Making story stones in preschool

I love the idea of making and using story stones and thought it would be a fun project for my pre-k class to make…

We started by taking a little nature walk and collecting stones. Ideally, you want to find stones that are going to be large enough for decent sized pictures but not so big that it is too heavy for the children to easily carry and explore…

Once the stones are collected, they need a good washing…

Then they need to be dried…

While the stones were drying, we cut out pictures from a variety of magazines…

We didn’t worry about trying to find any particular types of pictures but the size of the pictures mattered. The pictures can’t be too big or they wont fit on the stone…

Once the pictures were all cut out and the rocks were dry, we brushed some Mod-Podge on the tops of the stones…

Then added a picture from our pile..

And brushed more Modge Podge on top of the pictures. You can put the Modge Podge on generously because it will dry clear…

After the Modge Podge dried, we added Mod-Podge to the other side of the stones. And after they all dried, we saved them in a baggie…

And the rest of this story (what to do with the story stones) will be coming up soon…

In the meantime, check out…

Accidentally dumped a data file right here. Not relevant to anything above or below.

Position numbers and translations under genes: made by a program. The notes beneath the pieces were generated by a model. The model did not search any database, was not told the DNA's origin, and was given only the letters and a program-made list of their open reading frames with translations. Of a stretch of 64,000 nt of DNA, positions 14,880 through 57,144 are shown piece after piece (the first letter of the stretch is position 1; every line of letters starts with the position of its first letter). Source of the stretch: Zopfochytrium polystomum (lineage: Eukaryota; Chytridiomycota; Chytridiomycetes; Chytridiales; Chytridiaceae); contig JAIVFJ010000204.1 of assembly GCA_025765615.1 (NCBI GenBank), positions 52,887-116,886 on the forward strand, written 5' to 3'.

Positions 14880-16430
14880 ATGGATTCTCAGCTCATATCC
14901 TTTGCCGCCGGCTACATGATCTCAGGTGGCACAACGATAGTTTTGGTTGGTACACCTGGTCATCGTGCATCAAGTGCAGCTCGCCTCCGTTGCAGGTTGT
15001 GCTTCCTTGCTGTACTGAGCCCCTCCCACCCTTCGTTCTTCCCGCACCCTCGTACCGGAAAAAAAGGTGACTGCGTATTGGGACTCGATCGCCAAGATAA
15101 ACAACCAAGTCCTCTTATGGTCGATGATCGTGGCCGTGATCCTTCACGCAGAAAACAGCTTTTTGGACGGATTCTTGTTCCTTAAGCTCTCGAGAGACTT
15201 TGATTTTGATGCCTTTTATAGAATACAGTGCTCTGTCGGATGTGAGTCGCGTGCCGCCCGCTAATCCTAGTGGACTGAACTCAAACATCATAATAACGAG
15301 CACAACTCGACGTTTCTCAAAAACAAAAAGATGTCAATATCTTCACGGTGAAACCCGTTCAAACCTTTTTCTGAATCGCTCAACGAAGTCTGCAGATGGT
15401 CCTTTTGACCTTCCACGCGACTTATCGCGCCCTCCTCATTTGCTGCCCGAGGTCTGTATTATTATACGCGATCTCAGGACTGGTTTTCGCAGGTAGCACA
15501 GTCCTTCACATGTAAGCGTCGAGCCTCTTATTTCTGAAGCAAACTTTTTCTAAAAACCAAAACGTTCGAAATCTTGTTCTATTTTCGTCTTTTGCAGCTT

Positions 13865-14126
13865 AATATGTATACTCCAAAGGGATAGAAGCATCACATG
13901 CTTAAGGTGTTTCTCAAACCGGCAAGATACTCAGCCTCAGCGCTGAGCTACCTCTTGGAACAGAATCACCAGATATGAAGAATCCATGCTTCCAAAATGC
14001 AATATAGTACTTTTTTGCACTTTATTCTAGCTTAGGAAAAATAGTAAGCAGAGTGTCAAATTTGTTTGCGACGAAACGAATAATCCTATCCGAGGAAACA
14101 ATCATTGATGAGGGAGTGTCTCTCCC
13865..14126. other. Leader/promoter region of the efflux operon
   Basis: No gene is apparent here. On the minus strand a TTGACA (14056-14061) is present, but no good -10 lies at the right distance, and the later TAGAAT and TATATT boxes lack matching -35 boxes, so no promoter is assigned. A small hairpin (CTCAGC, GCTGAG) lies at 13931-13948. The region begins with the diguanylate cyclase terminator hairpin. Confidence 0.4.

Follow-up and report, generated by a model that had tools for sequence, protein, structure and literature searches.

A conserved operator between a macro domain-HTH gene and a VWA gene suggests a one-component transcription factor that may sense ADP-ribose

Table Top Rock Art” by the Chocolate Muffin Tree

“Rock with Chalk” by Almost Unschoolers

Melted Hot Rocks by Irresistible Ideas for Play Based Learning

Rock Art by Mommy Moment

Rock Rumble by Not Just Cute

By |2011-08-28T18:00:51+00:00August 28th, 2011|

About the Author:

Deborah J. Stewart, M.Ed. has been working and teaching in the field of early childhood education for over 30 years. Deborah currently owns and teaches in her own part-time, private preschool called The Children’s Studio. Deborah’s deep passion for teaching and working with young children is documented and then graciously shared with millions of readers around the world through her blog and other social networking communities. Deborah believes that young children learn best through play and exploration and embraces this belief in all that she does in her own classroom so that she can effectively and passionately share rewarding, real- life, tried-and-true practices with other teachers, parents, and leaders across the field of early childhood education.